Abstract: This paper investigates which animals sleep and wake in general and which, in addition, are also able to dream, according to Barhebraeus (Bar ʿEbroyo, Arabic: Ibn al-ʿIbrī, 1226-1286 CE), the famous Syrian Orthodox polymath and theologian. Attention is also given to the authors who are his primary sources, namely, Avicenna and Aristotle. Parallel examples include Albert the Great as another author who is dependent on some of the same sources and Pliny the Elder as a Latin author without Arabic influences. Roughly, Avicenna and Barhebraeus can be understood as allowing for or stating the observation of far more dreaming animals than Aristotle himself did explicitly, while Albert allows for even fewer. The question of why on this matter Barhebraeus relied primarily on these two authors as his sources, though not on other post-Avicennan Arabic authors as he did in many of his other philosophical and even theological works, will also be briefly discussed. This select reliance could be connected to a historical change in the topics dealt with in the scientific curriculum, with the lack of coverage of zoological topics by Barhebraeus’s favorite source authors being one of the reasons that led him to rely on the older texts by Avicenna and Aristotle. However, this cannot be generalized as a rule, as there are at least two contrary cases in Barhebraeus’s works on physiognomics where he has had recourse to an older text rather than a treatise by one of his otherwise preferred source authors.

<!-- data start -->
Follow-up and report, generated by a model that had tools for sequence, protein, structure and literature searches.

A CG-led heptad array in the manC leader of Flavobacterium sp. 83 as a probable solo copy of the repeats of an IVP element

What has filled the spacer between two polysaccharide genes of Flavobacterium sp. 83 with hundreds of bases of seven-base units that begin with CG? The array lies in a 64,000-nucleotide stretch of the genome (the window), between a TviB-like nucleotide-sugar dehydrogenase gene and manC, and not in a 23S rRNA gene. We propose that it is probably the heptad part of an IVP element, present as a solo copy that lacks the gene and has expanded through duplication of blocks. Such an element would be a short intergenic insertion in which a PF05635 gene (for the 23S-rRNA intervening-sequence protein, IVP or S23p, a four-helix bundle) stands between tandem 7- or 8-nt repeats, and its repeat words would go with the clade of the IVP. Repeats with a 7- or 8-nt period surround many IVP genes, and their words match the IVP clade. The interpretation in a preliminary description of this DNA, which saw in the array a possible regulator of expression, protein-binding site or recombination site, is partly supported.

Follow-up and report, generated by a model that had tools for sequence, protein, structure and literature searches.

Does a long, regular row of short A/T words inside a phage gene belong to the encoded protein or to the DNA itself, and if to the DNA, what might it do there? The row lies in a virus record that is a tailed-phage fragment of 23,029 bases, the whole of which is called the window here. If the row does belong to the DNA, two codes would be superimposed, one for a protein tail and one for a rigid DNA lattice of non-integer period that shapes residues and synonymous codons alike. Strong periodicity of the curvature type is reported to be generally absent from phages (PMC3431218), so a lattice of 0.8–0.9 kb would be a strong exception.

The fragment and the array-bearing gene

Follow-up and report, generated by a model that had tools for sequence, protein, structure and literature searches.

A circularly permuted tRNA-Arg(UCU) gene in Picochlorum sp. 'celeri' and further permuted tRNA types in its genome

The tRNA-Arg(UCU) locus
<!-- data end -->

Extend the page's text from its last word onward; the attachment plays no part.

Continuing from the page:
06 Jun 2014